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Summary:

Google and national laboratories want different things out of their infrastructure, although it looks like there’s room for them to learn each other.

The heavy hitters of the internet might feel pretty good about themselves for figuring out how to handle big data sets, but national laboratories have been accustomed to managing exabyte-scale loads for years.

It would have been wise for developers at webscale properties to check with government supercomputing experts. Before the Hadoop Distributed File System and the Google File System hit the scene, there were things like Lustre and the Parallel Virtual File System, said Gary Grider, high-performance computing division leader at Los Alamos National Laboratory, at GigaOM’s Structure conference in San Francisco on Thursday.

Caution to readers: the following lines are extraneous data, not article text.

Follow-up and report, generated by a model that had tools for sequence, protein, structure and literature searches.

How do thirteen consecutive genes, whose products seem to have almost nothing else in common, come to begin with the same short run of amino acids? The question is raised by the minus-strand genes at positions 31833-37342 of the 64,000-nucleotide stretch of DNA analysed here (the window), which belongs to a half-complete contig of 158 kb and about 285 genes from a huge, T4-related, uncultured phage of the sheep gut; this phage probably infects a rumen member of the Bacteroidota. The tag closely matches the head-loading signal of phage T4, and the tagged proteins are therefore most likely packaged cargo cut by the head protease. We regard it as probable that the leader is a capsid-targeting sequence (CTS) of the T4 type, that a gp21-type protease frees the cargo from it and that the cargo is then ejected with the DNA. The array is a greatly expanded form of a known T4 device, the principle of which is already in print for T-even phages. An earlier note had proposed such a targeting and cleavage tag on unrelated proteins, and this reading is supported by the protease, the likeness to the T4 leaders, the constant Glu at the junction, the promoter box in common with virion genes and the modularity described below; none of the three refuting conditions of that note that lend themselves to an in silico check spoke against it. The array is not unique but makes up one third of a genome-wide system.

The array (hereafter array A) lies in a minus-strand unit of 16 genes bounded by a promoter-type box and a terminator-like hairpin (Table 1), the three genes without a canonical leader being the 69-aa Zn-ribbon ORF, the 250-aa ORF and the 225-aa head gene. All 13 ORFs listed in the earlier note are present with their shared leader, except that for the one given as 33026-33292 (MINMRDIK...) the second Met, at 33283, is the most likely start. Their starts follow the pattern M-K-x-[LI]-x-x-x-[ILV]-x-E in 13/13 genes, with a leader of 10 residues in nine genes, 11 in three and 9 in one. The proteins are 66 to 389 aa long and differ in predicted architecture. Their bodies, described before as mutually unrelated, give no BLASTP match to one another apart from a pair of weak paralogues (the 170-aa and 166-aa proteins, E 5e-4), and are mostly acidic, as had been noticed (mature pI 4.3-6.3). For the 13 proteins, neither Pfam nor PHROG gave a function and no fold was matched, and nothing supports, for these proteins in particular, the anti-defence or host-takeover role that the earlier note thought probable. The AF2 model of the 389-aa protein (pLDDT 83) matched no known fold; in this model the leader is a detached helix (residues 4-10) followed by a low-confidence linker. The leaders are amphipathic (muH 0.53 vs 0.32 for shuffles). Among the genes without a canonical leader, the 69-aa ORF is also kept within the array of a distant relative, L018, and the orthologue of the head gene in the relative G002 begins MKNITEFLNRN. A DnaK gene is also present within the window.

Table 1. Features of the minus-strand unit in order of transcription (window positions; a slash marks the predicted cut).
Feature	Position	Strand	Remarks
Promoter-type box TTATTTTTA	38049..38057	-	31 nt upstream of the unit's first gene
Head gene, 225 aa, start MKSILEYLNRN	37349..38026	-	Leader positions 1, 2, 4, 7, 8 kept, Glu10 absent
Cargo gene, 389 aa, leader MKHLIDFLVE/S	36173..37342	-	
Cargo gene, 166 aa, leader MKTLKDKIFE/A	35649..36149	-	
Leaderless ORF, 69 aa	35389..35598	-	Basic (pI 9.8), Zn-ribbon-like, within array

“Really, if you reduce the semantics, … they would do the same thing, roughly,” he said. “It’s fascinating how we don’t work together as much as we should. If we worked together we probably would be further down the road than we are.”

Sure, there are differences in goals and culture. Los Alamos and Lawrence Livermore national labs use their supercomputers to design and simulate the use of nuclear weapons, which entails “guns and guards and gates and classified computing,” Grider said. But all the same, opportunities exist to share ideas about energy efficiency, storage innovations and other aims.

Check out the rest of our Structure 2013 live coverage here, and a video embed of the session follows below:


A transcription of the video follows on the next page
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